At this point , I was in the half-track and Tony was due to lead us off in the Sherman in front of us. But as the ramp went down there was some difficulty with it and Tony went forward to find out what was wrong. At that moment we were hit by two shells; one hit the bows , killed a sailor and wounded Tony badly in the side. The other hit the bridge and luckily failed to explode. After a quick word with poor Tony (he survived his wounds) I took over command as GPO and led the troop ashore in the Sherman. This was indeed a hairy business. I was OK, high up in the tank, but the half track and lesser vehicles had a sopping wet time of it, driving in water to their waist and hoping against hope that the waterproofing wouldn't fail. In the event, all got ashore safely, except the poor MOs jeep, which just disappeared completely though the MO and his driver waded bravely ashore, carrying much of their medical supplies.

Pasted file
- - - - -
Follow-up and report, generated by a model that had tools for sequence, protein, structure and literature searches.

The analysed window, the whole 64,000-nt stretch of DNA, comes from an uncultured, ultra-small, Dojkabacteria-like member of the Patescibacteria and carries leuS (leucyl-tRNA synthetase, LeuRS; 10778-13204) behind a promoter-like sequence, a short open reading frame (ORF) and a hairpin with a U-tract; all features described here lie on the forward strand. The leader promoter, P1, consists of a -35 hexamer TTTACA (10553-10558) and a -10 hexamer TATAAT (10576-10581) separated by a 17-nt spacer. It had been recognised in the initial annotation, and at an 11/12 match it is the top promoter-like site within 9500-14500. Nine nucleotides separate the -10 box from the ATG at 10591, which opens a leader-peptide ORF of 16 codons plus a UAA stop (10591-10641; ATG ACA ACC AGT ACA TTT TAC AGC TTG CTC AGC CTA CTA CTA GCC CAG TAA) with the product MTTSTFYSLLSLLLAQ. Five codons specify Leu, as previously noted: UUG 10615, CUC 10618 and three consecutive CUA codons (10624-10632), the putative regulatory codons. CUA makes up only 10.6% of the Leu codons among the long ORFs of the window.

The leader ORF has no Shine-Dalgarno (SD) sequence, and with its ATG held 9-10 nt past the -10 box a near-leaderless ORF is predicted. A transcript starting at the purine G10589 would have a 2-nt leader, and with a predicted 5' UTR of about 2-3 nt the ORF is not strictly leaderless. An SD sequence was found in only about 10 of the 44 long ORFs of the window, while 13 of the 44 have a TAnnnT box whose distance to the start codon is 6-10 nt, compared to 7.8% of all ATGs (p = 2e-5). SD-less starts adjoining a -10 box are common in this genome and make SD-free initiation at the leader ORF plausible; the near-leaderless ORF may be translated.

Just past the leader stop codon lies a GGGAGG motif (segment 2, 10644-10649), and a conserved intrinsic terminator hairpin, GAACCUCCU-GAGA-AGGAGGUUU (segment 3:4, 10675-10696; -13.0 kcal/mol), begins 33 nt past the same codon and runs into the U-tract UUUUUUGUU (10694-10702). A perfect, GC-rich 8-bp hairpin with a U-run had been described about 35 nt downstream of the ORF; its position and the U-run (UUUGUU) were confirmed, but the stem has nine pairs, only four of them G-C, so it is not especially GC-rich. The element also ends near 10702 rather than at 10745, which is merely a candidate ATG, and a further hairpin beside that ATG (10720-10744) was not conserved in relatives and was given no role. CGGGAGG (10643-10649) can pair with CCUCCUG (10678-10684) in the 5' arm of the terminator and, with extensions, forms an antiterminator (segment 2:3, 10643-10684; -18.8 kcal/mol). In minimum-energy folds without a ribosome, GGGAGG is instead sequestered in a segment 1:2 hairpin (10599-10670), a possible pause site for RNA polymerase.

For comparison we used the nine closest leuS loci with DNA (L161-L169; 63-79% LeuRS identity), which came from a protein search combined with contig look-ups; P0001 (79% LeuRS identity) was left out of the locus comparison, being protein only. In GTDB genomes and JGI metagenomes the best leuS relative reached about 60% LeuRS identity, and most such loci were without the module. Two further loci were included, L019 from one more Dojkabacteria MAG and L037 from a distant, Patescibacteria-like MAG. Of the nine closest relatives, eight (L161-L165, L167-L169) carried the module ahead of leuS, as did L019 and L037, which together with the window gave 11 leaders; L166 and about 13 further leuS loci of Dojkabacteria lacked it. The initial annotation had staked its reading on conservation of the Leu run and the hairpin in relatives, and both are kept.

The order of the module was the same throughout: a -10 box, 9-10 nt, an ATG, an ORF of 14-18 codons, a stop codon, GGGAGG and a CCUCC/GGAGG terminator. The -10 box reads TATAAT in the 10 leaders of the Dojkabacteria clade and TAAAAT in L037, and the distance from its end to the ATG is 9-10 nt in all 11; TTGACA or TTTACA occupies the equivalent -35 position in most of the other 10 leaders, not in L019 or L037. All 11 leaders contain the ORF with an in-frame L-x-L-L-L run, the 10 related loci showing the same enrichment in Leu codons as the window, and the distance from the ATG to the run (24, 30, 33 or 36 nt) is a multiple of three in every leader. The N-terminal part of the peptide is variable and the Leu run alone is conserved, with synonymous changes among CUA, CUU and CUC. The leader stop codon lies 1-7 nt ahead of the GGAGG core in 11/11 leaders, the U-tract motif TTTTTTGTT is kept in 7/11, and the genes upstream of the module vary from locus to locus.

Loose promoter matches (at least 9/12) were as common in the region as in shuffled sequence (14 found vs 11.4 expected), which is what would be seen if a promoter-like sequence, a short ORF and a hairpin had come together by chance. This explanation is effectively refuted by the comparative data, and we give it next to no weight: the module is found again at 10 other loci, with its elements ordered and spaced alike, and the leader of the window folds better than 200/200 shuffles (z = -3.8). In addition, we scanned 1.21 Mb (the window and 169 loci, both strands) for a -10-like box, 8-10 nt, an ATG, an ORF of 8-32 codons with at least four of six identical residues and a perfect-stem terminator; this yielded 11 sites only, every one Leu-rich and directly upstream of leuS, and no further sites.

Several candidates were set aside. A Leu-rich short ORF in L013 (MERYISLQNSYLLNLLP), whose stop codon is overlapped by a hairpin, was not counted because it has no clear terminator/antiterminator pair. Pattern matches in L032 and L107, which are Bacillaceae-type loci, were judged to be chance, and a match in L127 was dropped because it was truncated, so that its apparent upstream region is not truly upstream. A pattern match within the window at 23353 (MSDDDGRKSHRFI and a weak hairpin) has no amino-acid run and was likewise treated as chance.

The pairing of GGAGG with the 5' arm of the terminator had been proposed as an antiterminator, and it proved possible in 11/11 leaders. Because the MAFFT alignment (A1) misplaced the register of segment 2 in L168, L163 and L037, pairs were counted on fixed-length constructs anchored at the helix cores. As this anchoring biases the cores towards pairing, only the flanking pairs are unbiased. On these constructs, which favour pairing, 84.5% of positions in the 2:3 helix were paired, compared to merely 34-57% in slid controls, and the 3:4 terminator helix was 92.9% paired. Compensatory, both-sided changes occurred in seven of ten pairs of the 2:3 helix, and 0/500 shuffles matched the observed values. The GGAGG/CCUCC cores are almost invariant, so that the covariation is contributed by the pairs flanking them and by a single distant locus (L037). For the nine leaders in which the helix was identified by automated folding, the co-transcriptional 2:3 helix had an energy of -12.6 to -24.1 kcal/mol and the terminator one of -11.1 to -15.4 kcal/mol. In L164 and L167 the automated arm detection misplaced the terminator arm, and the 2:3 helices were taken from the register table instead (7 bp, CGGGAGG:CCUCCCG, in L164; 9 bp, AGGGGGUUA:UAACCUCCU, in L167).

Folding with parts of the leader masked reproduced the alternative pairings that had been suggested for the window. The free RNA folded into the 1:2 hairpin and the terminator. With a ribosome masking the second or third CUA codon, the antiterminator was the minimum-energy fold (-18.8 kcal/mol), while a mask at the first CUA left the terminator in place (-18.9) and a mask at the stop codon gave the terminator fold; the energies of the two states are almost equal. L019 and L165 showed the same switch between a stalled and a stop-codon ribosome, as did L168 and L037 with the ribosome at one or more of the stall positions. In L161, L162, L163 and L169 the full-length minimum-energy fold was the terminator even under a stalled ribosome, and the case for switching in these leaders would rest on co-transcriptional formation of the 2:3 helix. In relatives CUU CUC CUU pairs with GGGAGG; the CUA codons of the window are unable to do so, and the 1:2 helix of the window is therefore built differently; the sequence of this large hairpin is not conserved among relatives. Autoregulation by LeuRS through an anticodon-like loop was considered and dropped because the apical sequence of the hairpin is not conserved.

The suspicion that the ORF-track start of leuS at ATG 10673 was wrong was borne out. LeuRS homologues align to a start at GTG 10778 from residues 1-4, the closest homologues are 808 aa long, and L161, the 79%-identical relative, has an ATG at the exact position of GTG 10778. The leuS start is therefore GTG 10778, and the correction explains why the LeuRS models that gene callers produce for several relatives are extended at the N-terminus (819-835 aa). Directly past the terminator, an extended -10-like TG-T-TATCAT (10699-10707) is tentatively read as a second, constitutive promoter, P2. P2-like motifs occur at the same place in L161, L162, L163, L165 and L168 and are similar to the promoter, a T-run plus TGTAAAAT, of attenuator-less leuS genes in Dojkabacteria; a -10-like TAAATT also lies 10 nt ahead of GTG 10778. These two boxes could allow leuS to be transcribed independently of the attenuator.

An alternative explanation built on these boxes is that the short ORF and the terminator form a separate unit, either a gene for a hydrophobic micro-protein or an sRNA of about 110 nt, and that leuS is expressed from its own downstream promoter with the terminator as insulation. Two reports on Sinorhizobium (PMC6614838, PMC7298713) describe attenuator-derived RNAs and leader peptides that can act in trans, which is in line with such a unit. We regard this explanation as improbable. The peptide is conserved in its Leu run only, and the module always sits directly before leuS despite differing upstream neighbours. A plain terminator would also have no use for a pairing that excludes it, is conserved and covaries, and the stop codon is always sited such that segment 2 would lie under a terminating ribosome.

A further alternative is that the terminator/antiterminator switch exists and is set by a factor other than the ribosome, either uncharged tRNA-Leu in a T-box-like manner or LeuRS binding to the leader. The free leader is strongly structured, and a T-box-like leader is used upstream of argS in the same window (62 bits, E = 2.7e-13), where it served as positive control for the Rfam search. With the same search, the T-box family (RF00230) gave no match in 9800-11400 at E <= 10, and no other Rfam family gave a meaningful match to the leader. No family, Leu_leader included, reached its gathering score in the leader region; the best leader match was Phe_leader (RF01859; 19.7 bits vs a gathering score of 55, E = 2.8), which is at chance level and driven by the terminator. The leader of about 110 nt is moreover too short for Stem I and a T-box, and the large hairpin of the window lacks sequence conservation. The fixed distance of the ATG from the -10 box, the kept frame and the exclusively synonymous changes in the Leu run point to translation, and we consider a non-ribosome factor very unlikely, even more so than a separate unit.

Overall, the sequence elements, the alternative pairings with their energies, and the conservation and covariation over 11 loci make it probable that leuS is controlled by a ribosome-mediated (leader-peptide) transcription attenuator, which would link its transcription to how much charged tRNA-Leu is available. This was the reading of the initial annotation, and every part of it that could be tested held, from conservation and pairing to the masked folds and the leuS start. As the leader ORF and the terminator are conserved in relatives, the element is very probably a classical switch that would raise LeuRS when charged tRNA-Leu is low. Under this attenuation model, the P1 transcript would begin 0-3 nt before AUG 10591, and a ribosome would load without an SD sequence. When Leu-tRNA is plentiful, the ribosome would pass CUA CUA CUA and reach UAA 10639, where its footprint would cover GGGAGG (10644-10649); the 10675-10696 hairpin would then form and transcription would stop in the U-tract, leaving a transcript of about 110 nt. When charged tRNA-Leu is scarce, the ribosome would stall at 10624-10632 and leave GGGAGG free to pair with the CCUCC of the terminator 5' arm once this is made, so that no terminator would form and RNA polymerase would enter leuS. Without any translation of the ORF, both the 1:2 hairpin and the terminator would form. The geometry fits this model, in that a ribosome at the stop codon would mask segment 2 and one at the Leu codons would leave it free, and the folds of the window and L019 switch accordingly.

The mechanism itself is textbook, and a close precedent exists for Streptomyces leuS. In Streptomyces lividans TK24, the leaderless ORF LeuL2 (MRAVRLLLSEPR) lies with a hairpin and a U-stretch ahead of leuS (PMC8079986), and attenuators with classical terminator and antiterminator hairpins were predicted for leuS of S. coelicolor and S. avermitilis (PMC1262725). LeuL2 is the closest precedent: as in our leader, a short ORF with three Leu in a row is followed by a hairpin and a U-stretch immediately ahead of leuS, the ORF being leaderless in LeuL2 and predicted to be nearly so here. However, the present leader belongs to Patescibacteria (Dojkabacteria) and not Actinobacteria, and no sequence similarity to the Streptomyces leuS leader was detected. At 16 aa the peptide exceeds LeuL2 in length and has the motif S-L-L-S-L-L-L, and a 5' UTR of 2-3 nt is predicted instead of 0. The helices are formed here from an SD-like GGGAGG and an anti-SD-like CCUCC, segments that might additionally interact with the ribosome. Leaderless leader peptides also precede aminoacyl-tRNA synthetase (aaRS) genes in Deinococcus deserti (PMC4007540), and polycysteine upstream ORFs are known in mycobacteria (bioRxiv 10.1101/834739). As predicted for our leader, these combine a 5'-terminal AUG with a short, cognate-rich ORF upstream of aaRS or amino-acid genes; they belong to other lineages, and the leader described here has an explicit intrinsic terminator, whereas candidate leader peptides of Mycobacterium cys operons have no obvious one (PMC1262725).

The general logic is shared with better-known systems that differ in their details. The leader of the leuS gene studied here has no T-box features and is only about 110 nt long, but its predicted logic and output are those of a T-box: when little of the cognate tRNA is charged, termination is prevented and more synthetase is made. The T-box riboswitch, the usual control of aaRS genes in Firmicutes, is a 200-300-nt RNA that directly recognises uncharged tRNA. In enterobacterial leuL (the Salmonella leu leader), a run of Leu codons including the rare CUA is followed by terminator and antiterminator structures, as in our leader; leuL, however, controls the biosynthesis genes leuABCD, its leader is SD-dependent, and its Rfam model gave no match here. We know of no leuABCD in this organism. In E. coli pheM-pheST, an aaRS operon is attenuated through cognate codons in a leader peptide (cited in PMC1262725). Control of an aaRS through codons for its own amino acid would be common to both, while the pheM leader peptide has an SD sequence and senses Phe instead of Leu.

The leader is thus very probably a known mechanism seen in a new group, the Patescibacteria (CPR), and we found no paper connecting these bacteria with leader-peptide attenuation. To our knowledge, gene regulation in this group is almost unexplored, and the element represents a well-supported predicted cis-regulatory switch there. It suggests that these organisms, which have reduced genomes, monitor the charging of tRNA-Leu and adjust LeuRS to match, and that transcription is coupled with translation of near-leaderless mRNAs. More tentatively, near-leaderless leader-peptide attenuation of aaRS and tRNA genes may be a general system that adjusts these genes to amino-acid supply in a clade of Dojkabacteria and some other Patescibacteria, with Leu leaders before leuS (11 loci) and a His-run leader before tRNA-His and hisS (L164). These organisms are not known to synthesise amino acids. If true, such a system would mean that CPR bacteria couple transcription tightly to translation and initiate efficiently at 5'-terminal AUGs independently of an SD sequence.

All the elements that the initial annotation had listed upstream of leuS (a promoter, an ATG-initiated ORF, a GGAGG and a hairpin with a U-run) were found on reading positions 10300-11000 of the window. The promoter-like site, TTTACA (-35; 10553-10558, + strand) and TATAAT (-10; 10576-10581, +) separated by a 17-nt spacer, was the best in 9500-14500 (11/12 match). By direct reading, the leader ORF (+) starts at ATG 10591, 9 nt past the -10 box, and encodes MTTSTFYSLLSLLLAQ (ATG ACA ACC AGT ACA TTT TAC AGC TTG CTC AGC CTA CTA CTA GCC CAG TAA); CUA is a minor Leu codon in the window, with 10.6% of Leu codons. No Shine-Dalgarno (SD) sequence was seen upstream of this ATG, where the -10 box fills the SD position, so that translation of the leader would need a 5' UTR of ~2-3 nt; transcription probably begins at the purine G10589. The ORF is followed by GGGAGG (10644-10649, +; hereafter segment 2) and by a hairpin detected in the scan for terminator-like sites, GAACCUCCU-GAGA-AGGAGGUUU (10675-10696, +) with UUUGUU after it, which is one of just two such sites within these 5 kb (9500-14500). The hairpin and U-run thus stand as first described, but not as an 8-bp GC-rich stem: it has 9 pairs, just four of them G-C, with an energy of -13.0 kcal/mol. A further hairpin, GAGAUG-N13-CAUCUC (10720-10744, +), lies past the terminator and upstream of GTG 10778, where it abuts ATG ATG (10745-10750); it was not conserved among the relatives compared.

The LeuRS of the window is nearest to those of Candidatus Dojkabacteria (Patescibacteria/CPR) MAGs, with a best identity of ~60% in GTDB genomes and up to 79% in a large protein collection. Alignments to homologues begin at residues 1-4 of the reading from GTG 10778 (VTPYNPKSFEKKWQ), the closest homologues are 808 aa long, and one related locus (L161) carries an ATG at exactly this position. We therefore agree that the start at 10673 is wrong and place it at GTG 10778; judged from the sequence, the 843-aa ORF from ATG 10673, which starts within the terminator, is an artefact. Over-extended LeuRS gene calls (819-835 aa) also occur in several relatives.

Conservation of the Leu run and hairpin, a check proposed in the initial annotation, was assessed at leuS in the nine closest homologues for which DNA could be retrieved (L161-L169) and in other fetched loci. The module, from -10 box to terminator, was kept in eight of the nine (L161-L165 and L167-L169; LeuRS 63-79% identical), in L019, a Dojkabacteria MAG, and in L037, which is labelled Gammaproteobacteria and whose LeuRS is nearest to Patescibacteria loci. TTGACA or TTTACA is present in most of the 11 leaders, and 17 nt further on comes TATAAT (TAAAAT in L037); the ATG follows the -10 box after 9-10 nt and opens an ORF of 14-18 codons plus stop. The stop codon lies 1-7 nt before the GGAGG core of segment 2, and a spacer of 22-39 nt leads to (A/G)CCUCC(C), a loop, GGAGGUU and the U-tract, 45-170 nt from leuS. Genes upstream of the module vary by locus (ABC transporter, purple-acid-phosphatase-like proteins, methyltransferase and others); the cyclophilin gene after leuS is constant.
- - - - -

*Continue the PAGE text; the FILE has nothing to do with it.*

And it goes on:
And so we emerged, dripping, onto the beach. It was in the exact spot that we were supposed to be in, which was a credit to the LCT commander. Others were not so lucky and got swept sideways by the tide well away from their appointed place. It was a flat beach, half tide, with the tide rising. I led the guns right up to the sea wall, as planned, the only hitch being that there was an enormous crater which forced one gun off to the right on its own. There was a lot of small arms fire flying about from the infantry fighting ahead and at some stage Sgt. Wilbey, No 1 on that particular gun, was badly wounded in the chest and the gun was taken over by Bdr O'Gorman, of whom there is more to tell later. The sea wall was a solid stone structure rising 4ft vertically from the sand, then rising at 45% to a parapet at the top with a sandy lane behind. My first job was to get up on top of this parapet with my Artillery Director (not unlike a theodolite) and pass accurate angles to the guns to get them parallel. I felt very exposed up there; the Dorsets were fighting only a few hundred yards in land and there was a lot of lead whistling about. The lane under the parapet was already full of our dead and wounded and our MO was at work among them. We then settled to a firing programme on pre planned targets but soon we were getting fire orders from out Forward Observation Officers (FOOs) up in front with the Infantry on targets more appropriate. All this time the beach was being shelled but most of it was falling among the landing craft coming in behind us; we were close up under the sea wall and in comparative shelter.